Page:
Shiny App with OOD

We have an user request to set up Shiny. I feel like OOD may be the best way to go.

OSC has an example Shiny app but based on Eric’s reply to TensorBoard for Open OnDemand, Stanford’s Tensorboard approach may be better for the authentication.

Before I dive into this, could perhaps Eric or Kilian comment on what they think about this?



I tried to use the tensorboard auth approach for shiny, but it didn’t work. It seems that
shiny uses websocket but the python proxy didn’t seem to support that. We (Boston University) ended up
using the OSC app with only a few site specific changes.

–Mike Dugan

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Thanks Mike, good to know, that will save me some time.

This is not quite an OOD question, rather a R Shiny, or nginx question, but, I am hoping someone else who set up the Shiny with OOD may have something to say.

I installed the OSC’s Shiny app (slightly massaged like Mike did) but also noticed that I can run the Shiny app from our RStudio OOD app, which uses R based on Rocker’s Docker container. Presumably Rocker comes with the R shiny library installed.

The RStudio approach is not as simple since one has to, in the RStudio command line, run:
runApp(“newdir”) - where “newdir” is the directory where app.R resides

while in the Shiny OOD app the user just puts the path to the Shiny app (“newdir”) to a box in a web form, but, I am wondering if there’s any other advantage of running the Shiny OOD app (which runs the Shiny using nginx from the openresty container). The extra nginx instance does put some weight on.

I thought that one could use the nginx from openresty to authenticate to the running Shiny app, but, the credentials are set through the template/ so they are not visible to the user. So, apart from not having to run through the RStudio I am not seeing any other advantage of having a separate Shiny OOD app.


I’m not familiar with Rocker or how RStudio provides access to the Shiny app that is launched from RStudio, but my understanding is if you execute runApp without specifying the port, a random port will be used and it would be unauthenticated.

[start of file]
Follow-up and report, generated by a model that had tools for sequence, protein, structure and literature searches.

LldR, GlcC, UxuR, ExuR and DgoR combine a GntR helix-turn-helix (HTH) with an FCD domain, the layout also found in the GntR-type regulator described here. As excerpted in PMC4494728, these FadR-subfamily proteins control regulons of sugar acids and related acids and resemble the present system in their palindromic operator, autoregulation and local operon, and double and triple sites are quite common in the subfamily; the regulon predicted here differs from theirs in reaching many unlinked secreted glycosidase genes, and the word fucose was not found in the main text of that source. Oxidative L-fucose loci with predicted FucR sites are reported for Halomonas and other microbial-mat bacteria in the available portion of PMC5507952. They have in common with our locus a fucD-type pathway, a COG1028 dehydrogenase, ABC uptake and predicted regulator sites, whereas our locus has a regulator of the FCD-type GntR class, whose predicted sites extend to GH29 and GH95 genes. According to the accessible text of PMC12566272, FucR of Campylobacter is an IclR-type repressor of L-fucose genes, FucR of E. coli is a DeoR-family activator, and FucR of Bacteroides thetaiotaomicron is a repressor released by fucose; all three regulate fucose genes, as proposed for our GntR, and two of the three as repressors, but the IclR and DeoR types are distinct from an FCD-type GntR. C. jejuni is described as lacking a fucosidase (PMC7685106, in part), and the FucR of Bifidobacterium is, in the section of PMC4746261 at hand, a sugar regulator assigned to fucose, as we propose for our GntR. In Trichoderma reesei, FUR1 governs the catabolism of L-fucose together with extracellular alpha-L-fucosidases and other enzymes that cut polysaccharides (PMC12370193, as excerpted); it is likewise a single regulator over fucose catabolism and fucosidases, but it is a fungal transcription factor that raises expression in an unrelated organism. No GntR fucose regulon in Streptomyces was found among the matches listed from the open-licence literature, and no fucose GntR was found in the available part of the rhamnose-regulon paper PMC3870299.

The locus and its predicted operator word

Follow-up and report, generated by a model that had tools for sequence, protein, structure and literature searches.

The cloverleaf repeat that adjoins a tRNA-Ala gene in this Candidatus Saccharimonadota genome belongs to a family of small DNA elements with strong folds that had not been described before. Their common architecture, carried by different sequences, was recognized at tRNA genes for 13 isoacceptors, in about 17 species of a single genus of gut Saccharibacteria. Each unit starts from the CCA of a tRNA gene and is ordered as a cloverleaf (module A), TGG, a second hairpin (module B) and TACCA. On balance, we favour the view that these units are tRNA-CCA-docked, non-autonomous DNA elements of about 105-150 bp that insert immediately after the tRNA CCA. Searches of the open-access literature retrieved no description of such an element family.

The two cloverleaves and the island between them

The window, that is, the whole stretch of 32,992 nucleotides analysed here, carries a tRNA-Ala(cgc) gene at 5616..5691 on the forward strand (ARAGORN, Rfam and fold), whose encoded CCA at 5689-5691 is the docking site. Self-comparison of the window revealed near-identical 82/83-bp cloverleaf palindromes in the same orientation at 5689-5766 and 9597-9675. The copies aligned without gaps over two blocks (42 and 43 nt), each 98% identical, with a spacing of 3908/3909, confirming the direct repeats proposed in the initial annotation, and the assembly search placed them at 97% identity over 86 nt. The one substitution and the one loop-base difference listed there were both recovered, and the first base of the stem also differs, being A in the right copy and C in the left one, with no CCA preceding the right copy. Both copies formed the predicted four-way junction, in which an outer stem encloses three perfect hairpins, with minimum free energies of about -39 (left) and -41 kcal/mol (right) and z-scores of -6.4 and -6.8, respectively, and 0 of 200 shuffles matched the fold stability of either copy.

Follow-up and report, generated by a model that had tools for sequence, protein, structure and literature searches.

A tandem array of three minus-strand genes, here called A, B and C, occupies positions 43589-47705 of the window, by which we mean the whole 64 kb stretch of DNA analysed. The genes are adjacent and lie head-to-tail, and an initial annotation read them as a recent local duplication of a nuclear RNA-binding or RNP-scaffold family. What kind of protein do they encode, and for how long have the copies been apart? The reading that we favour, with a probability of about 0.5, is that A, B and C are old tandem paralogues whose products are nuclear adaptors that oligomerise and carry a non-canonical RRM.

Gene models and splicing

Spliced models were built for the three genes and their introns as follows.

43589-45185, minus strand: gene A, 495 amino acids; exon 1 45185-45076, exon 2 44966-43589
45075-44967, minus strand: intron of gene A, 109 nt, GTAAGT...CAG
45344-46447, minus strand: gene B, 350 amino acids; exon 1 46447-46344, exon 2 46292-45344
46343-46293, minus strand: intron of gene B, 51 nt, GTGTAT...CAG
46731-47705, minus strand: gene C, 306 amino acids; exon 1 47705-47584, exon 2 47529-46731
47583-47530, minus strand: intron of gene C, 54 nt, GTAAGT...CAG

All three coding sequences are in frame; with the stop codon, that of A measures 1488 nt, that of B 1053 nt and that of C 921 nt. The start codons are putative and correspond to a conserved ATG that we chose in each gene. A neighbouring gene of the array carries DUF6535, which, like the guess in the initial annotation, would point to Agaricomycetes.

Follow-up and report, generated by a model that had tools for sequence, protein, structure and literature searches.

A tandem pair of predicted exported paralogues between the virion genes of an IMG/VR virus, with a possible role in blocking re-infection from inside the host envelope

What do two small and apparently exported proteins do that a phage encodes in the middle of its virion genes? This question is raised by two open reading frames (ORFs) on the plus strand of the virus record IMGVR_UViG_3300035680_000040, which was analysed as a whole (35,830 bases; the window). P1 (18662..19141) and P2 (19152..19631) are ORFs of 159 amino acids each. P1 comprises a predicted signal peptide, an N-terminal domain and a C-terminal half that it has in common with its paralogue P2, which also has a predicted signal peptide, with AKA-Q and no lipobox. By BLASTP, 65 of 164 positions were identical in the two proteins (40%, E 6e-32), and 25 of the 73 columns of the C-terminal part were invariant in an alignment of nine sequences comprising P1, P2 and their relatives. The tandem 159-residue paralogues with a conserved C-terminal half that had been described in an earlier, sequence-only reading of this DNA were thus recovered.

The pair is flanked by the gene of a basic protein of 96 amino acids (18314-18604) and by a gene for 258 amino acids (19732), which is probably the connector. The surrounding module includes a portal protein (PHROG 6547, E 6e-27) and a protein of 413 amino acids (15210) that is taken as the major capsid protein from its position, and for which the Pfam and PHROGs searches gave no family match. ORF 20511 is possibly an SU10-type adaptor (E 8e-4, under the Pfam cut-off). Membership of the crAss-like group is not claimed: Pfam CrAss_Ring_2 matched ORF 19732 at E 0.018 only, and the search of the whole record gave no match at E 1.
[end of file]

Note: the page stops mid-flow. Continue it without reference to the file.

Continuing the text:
The purpose of the OpenResty process is to provide a sidecar proxy that adds authentication. The reason the credentials are not exposed directly to the user is they are managed by the OnDemand app itself, so when the connect button is presented to the user, they click connect and the credentails are used to allow proxying through to the Shiny app.

OpenResty/NGINX was chosen for two reasons: it can easily be configured to handle websocket traffic and can proxy to a unix domain socket, which a Shiny app can be configured to listen on. And it was something we knew so it was the easiest step to take.

Eventually we would like to find a similar but lighter weight solution for most of the apps we launch in OnDemand, because without it the problem of authentication must be solved for each app, and often using the app’s built in authentication mechanism results in a sub-optimal solution.

As for the advantage of having a Shiny OOD app, there are several potential applications, but they may not fit your use case.

At OSC, we use it to turn launching a Shiny reporting app with a particular dataset into a button click from the web interface. So these apps can be a way to provide access to visualization of data with the end user not actually having to have any understanding of R or RStudio to use.

Also, in a future where there is tighter integration between file management and launching of interactive apps, you could imagine two different use cases:

  1. select a shiny app directory in the files app, and click “launch” to launch it via a batch job
  2. select a dataset and click “visualize in shiny app x” where x is some shiny app that has been associated with that dataset

Thanks for the explanation Eric, this makes sense. The first of the two future cases sounds quite appealing.

In our case, the user wants to share his Shiny apps with others. This should work if he makes his app world readable and gives the path to the app’s directory - which the other user enters in the web interface.

Though, he also wants external people to run the app, which is something that they won’t be able to do in OOD, so, he may have to resort (pay for) a VM that we can set up for him, and where they can control their users themselves (the VM would be fairly detached from the rest of our infrastructure so their external users could not access our fileservers, …).

I was thinking that the OpenResty/NGINX will somehow allow external users to access a running Shiny app, if the internal user who runs the app gives them the authentication pieces, but, that would essentially give non-users access to our clusters which I am sure no admin here would like.